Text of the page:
Utah Criminal Defense Options
An abeyance agreement (plea in abeyance) in a Utah criminal case is a negotiated resolution that can provide a way to avoid a conviction, stay out of jail, and ultimately have your case dismissed. As a criminal defense attorney in Utah, Stephen Howard has negotiated abeyance agreements for clients facing prosecution for first-degree felony charges, mid-level felony charges, and a wide variety of misdemeanor charges.
Having a plea held in abeyance is only one strategy to pursue in defending against criminal charges in Utah. An experienced criminal defense attorney can work with you to determine the best strategy for your case. Contact us today to see how the right attorney can help you.
Negotiations in Utah Criminal Cases
Under Utah law, a plea in abeyance requires the agreement of both the prosecutor and the judge. A plea in abeyance may not be possible in every case. Utah’s legislature has prohibited abeyance agreements for certain specific types of crime. Some prosecutorial offices have policies that may make it difficult to obtain an abeyance agreement in their jurisdictions. But having an experienced criminal attorney on your side, an attorney with a track record of negotiating pleas in abeyance in difficult cases, can help to give you the best chance of obtaining the resolution you need.
A prosecutor may consider a variety of factors in deciding whether to offer an abeyance agreement. The level of the offense, the prior record of the defendant, the strength (or weakness) of the evidence supporting the prosecution’s case, and other mitigating or aggravating facts can all contribute to a prosecutor’s decision-making process. How best to present these factors during the negotiation process is something that you should discuss with your defense attorney.
Purposes of an Abeyance Agreement
In the most general terms, an abeyance agreement can be used to avoid the consequences of a more serious conviction that could result if a criminal case were taken to trial. Most often, an abeyance agreement results in a full dismissal of a case following successful completion of the abeyance conditions. Abeyance conditions are generally similar to probation conditions, and can include community service, fines/fees, treatment, testing, supervision, etc. If the terms of the agreement are fulfilled, the case is dismissed by the court.
A less common type of abeyance agreements is one that will result in a conviction, but a conviction that is entered at a lower level than the plea that was originally accepted by the court. For example, a person might enter a plea to a felony charge with an agreement from the prosecutor that the plea would be held in abeyance and not entered as a conviction during the abeyance period, but instead entered only as a misdemeanor conviction at the end of the abeyance period. This type of abeyance agreement allows a person to avoid ever having a felony conviction entered, but gives a prosecutor the ability to hold on to the threat of a felony conviction if the person does not follow through with the agreed-upon conditions. (This type of abeyance agreement is sometimes referred to informally as a reverse 402 reduction agreement.)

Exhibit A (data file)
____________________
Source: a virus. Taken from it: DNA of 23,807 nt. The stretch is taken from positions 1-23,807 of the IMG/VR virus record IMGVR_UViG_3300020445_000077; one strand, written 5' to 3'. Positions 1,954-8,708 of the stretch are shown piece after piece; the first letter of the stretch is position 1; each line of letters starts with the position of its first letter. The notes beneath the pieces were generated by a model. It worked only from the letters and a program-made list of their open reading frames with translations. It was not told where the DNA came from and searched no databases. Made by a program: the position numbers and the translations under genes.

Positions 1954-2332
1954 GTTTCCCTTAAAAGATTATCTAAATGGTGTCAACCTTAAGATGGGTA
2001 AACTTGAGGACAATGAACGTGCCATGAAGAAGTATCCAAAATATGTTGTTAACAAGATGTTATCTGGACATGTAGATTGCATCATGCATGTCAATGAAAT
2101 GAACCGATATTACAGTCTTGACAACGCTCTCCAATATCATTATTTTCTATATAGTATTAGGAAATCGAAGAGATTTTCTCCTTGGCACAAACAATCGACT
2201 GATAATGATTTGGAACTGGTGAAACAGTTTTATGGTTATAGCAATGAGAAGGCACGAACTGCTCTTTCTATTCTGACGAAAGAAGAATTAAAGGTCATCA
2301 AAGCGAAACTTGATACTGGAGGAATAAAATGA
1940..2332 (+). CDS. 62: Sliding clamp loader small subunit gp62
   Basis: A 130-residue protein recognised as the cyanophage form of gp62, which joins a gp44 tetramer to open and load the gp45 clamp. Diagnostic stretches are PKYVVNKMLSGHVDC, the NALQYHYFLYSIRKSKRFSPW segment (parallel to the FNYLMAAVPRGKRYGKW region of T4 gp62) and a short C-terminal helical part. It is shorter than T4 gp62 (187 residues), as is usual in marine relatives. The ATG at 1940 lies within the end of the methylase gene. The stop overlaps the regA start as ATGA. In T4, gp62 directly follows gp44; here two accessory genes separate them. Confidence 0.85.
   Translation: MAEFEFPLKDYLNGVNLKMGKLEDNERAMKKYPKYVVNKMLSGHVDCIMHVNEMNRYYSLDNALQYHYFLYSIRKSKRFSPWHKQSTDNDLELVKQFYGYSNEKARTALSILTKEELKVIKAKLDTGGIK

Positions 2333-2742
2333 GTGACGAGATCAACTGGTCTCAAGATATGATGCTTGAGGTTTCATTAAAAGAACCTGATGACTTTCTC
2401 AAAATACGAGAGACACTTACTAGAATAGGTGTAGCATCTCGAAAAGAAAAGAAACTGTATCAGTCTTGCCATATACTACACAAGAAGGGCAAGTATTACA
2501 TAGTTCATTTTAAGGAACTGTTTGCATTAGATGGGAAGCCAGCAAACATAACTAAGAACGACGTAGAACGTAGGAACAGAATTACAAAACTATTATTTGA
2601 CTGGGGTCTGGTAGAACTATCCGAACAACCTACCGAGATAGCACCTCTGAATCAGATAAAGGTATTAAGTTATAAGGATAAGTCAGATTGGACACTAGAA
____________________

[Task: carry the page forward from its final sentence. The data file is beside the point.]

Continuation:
Consequences of Failing to Follow Through
Failure to comply with the conditions of the abeyance agreement can result in a conviction being entered by the court and imposition of sentence as determined to be appropriate. The court may impose up to the maximum sentence allowable under statute. Alternatively, the court has discretion to place a defendant on probation with appropriate conditions.
Reasons to Consider an Abeyance Agreement
An abeyance agreement will not be an option in every case. But when a negotiated abeyance agreement is on the table, there are several reasons to give the offer serious consideration.
Control – An abeyance agreement can give a person a significant degree of control over the outcome of a case. Rather than putting the matter in the hands of a jury to decide, the defendant has more control over the final result in the case. If the defendant follows through with the abeyance agreement, the defendant guarantees the outcome that was agreed upon (usually a dismissal).
Risk Management – In some cases, a reduction in the level or number of charges can be negotiated as part of the abeyance agreement. When this can be done, the level of overall risk involved is reduced. Rather than an all-or-nothing outcome in a jury trial, the defendant obtains able to reduce the potential consequences while also retaining the potential benefit of a dismissal on completion of all abeyance requirements.
Expedited Expungement Eligibility – For those interested in keeping a clean criminal record, a dismissal pursuant to an abeyance agreement can significantly reduce the waiting time necessary for expungement eligibility. Whereas even a class B misdemeanor requires a full four-year wait following the completion of probation before expungement eligibility is obtained, a dismissal under an abeyance agreement requires only 30 days. (Note that only eligibility to begin the expungement process is achieved 30 days after dismissal. The full process of expungement through the court system will take longer to complete.)
Finding a Utah Criminal Defense Attorney
If you are facing criminal charges in Utah, having an experienced and aggressive criminal defense attorney on your side can be vital to achieving a successful outcome. Contact Stephen Howard now to find out more about how a plea in abeyance may help you.